Why learning music should be compulsory

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Why learning music should be compulsory

Andrick conducts the Riverside Brookfield Chamber Orchestra during class.

Andrick conducts the Riverside Brookfield Chamber Orchestra during class.

Sarah Strubbe

Andrick conducts the Riverside Brookfield Chamber Orchestra during class.

Sarah Strubbe

Sarah Strubbe

Andrick conducts the Riverside Brookfield Chamber Orchestra during class.

Joy Greco, Media editor

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According to a survey by the Gallup Organization, “Only 54 percent of U.S. households have a member who plays a musical instrument.”

A statistic like this is discouraging, especially as I myself am a music student. Music has always been my passion, and I have lived out the effects of being immersed in instrumental and vocal music throughout my entire life.

The many benefits of studying music at a young age are impressive, which is why I believe it should be required that all children take a musical instrument.

Music stimulates both the creative and cognitive sides of the brain. Seamlessly linking the left and right sides of the brain, music helps children to become better at using both of these areas simultaneously, which is essential for any field of study or future occupation. So, the more you learn an instrument, the faster and better your brain functions in these stimulated areas, which translates to many areas of development- most significantly, academics.

The complex elements of music training (muscle memory, hand-eye coordination, reviewing note names, rhythm, and dynamics, understanding the meaning or historical significance behind a piece of music, etc.) promotes complex thinking. Students know how to look at things from multiple perspectives, and are equipped to deal with difficult concepts because of the exposure to an interpretive and diverse art form

This heightened level of thinking results in better school performance. Music students’ test scores are significantly higher than a student not involved in music, and academic skill overall is exponentially advanced. Here at RB, the average ACT data for 2019 shows that for all students, the average is a  21.7. For students in band, choir, orchestra, and jazz, the average was a 25.98, and for honors music students, the average was a 27.6.

  ACT SAT
Bands, Choir, Orchestra, Jazz 25.98 1236.7
Honors Music Only 27.6 1283.8
All Music 24 1162
School 21.7 1074

Music is also an outlet for expression and encourages creativity, which is crucial during a child’s development. Learning the basics of any instrument is an entirely new form of gaining information. It’s almost like learning an entirely new language. They are also exposed to various forms of music: music written in distinct time periods, music with contrasting melodic patterns and rhythms, music for multiple instruments, etc.(Data courtesy of James Baum- RBHS Band Director)

The intellectual rigor of music along with it being such a diverse and abstract art-form encourages open-mindedness, which transfers into their future studies academically, helping them to freely and openly learn about themselves and the world around them.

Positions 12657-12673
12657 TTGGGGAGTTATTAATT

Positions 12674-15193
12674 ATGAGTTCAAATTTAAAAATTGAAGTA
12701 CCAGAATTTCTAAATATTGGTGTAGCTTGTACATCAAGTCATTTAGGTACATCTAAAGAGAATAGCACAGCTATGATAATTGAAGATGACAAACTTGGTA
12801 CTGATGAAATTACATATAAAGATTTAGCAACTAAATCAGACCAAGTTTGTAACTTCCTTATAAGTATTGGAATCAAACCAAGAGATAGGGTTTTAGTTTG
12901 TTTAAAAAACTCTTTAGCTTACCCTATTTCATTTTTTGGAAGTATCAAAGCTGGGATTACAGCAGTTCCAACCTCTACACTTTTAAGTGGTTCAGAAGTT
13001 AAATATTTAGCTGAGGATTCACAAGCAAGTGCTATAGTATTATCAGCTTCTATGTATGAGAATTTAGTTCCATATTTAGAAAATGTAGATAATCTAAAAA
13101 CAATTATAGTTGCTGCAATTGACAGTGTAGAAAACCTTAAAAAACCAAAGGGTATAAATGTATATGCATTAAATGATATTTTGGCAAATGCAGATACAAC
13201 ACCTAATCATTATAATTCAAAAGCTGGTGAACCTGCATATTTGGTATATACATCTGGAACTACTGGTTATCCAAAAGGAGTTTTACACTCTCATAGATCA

But despite the many significant benefits, many parents still might be hesitant to “force” their kids into something they find boring or uninteresting. However, self-discipline and accountability are key life skills that should be promoted and even “forced” at times, rather than not taught at all. Giving kids the obligation to learn and practice every day teaches the lesson that, sometimes in life, we have to do things we don’t want to. Practicing for set time periods every day stresses persistence and patience. Practicing music is one of the most effective ways to teach time management and the importance of “sticking things out.”

Also, although music training is tough, the sense of achievement from this difficulty is why it is so beneficial. In music, unlike other disciplines, you work towards refinement rather than perfection. Two plus two is four; there is no room for improvement or potential for emotional gratification there. But when studying music, children learn they can always improve and make something better and better so that an audience can be moved by their art, and appreciate it as extensively as they have practiced and worked to perfect it. Knowing there can always be refinement translates to other aspects of life moving forward, such as being able to come up with more innovating ideas, and gaining a more progressive work ethic.

In a world becoming increasingly dominated by technology, mental health concerns are on the rise. Children spend hours and hours glued to their phones rather than spending time with others. In an ensemble setting, they learn how to connect with others and work as a team. Every member agrees on one common cause: to perform their selections the best that they can. They all must rely on one another to reach that goal.

Yes, we need to let kids be kids. But we also must make sure they are exposed to as many opportunities as possible that could lead to increased self-assurance and overall success in the future. All children should be given an equal opportunity to become successful academically, and more creative, open-minded, and teamwork-oriented. Especially now, exposing them to the connectivity, passion, and beauty that is music, enriches them individually, allowing them to be inspirations to others, and brightens the future of our world. The amazing benefits of learning music will last a lifetime.